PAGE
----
Sea Lark, Ebb Sleeper, Sea Mouse, Sand Mouse
Status: Summer visitor from NW Africa/SW Europe, winter visitor from Scandinavia to Siberia, passage migrant from Greenland (heading south to winter in Africa). Most occur during the mid-winter period.
Conservation Concern: Amber-listed in Ireland as the majority of Dunlins winter at less than ten sites. The European population has been evaluated as Depleted, due to a large historical decline.
Identification: One of the smaller waders and our most abundant one in winter and on passage. A limited number breed in some sandy / grassy locations along the west and north coasts. Plumage is highly variable - in summer, rich chestnut above, streaked on breast, white below with a striking black patch on the belly. The more usually encountered winter plumage bird shows a rather non-descript, uniform, plain brownish-grey on all upperparts and cold white underparts. Juveniles in autumn have warm brown tones on the upperparts and considerable streaking on the breast and underparts. There are many other variations and combinations, depending on the bird's state of moult. It is a rather dumpy bird, with black legs and a longish bill which downcurves slightly. Often occurs in very large flocks. An important bird to get to know (in all its plumages) if you want to successfully identify other similar-sized waders.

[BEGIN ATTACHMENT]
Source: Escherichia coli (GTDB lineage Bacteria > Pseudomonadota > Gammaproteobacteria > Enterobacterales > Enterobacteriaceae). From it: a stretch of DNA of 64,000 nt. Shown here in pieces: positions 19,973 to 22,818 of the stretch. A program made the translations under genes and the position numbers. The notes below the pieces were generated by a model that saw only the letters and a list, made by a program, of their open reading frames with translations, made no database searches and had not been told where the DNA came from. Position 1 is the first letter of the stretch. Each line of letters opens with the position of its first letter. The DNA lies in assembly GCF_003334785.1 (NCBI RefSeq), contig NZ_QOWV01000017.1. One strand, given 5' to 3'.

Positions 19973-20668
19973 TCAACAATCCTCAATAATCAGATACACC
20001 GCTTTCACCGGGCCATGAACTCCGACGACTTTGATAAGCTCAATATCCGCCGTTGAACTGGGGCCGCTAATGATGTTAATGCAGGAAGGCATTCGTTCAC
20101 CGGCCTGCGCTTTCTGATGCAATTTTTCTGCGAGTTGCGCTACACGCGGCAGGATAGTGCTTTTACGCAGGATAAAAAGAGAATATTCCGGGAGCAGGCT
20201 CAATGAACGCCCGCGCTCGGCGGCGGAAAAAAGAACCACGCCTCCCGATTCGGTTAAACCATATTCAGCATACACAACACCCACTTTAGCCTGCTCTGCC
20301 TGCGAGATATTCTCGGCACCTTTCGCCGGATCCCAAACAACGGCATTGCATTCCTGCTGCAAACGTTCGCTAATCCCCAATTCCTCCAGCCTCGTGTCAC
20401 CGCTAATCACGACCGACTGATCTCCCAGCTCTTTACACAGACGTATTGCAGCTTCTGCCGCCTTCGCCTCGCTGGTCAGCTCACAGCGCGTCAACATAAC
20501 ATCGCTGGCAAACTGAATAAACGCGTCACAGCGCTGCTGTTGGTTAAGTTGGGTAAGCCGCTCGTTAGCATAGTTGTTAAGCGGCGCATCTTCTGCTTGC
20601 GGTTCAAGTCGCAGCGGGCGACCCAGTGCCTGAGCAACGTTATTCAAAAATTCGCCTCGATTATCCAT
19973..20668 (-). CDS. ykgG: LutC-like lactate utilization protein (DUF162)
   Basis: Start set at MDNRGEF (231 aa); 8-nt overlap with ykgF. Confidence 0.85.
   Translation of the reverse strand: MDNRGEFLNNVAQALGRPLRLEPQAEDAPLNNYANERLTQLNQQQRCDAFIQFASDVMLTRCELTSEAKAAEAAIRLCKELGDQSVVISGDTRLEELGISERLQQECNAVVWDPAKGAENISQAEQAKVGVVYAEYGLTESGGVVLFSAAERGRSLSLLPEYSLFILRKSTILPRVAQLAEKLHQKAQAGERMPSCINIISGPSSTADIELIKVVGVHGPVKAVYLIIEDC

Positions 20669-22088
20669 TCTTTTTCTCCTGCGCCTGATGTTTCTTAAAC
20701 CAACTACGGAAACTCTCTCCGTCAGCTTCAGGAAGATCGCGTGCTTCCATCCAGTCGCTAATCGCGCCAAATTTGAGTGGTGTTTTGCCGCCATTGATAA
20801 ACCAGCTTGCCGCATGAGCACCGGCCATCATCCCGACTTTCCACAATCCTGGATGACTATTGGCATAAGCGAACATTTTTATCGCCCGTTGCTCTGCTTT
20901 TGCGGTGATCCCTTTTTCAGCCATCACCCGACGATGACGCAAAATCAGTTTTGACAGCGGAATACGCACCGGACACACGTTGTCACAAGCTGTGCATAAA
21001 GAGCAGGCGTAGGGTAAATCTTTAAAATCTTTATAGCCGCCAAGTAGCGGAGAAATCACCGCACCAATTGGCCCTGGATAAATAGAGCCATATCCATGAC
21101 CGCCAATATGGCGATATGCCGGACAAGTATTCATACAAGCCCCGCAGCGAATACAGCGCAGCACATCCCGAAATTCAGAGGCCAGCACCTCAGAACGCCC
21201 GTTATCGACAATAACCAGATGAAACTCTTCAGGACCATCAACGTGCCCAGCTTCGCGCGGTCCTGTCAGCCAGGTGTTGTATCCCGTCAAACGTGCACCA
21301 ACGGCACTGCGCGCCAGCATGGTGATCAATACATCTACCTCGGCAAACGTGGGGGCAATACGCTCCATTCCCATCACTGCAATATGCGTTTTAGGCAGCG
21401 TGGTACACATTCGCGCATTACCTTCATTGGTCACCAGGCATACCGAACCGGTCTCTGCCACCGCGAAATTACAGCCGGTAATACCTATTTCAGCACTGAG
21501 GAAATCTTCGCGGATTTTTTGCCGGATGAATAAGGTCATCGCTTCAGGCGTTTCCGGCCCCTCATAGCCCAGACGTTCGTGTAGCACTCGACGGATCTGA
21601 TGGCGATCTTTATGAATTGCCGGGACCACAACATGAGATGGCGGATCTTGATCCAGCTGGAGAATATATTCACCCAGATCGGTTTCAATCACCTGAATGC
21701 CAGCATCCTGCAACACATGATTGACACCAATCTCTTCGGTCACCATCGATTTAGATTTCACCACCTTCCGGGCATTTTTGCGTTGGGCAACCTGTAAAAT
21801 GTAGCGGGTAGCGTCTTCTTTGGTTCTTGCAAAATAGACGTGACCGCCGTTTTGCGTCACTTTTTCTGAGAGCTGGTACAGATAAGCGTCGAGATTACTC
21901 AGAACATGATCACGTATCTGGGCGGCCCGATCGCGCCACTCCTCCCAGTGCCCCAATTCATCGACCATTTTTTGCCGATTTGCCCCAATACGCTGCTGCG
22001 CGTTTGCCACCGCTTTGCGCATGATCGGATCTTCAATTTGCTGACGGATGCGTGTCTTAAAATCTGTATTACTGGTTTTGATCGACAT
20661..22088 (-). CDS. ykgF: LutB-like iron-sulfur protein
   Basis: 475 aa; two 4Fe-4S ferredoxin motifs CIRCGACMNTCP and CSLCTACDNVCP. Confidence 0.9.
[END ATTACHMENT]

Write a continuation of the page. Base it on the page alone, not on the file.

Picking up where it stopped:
Call: A harsh churring trill - "thrrrreeep"
Diet: Feed predominantly on small invertebrates of estuarine mudflats, particularly polychaete worms and small gastropods. They feed in flocks, in the muddier sections of the estuaries and close to the tide edge.
Breeding: Nests on the ground in sparse, low vegetation - in Ireland favours machair habitats.
Wintering: Common along all coastal areas - especially on tidal mudflats and estuaries. Very few inland.
Where to see: Shannon & Fergus Estuary in County Clare and Dundalk Bay in County Louth regularly support >10,000 birds. Other important sites include Cork Harbour in County Cork, Lough Swilly in Donegal and Strangford Lough in Down (6,000- 9,000 birds).
Monitored by: Irish Wetland Bird Survey.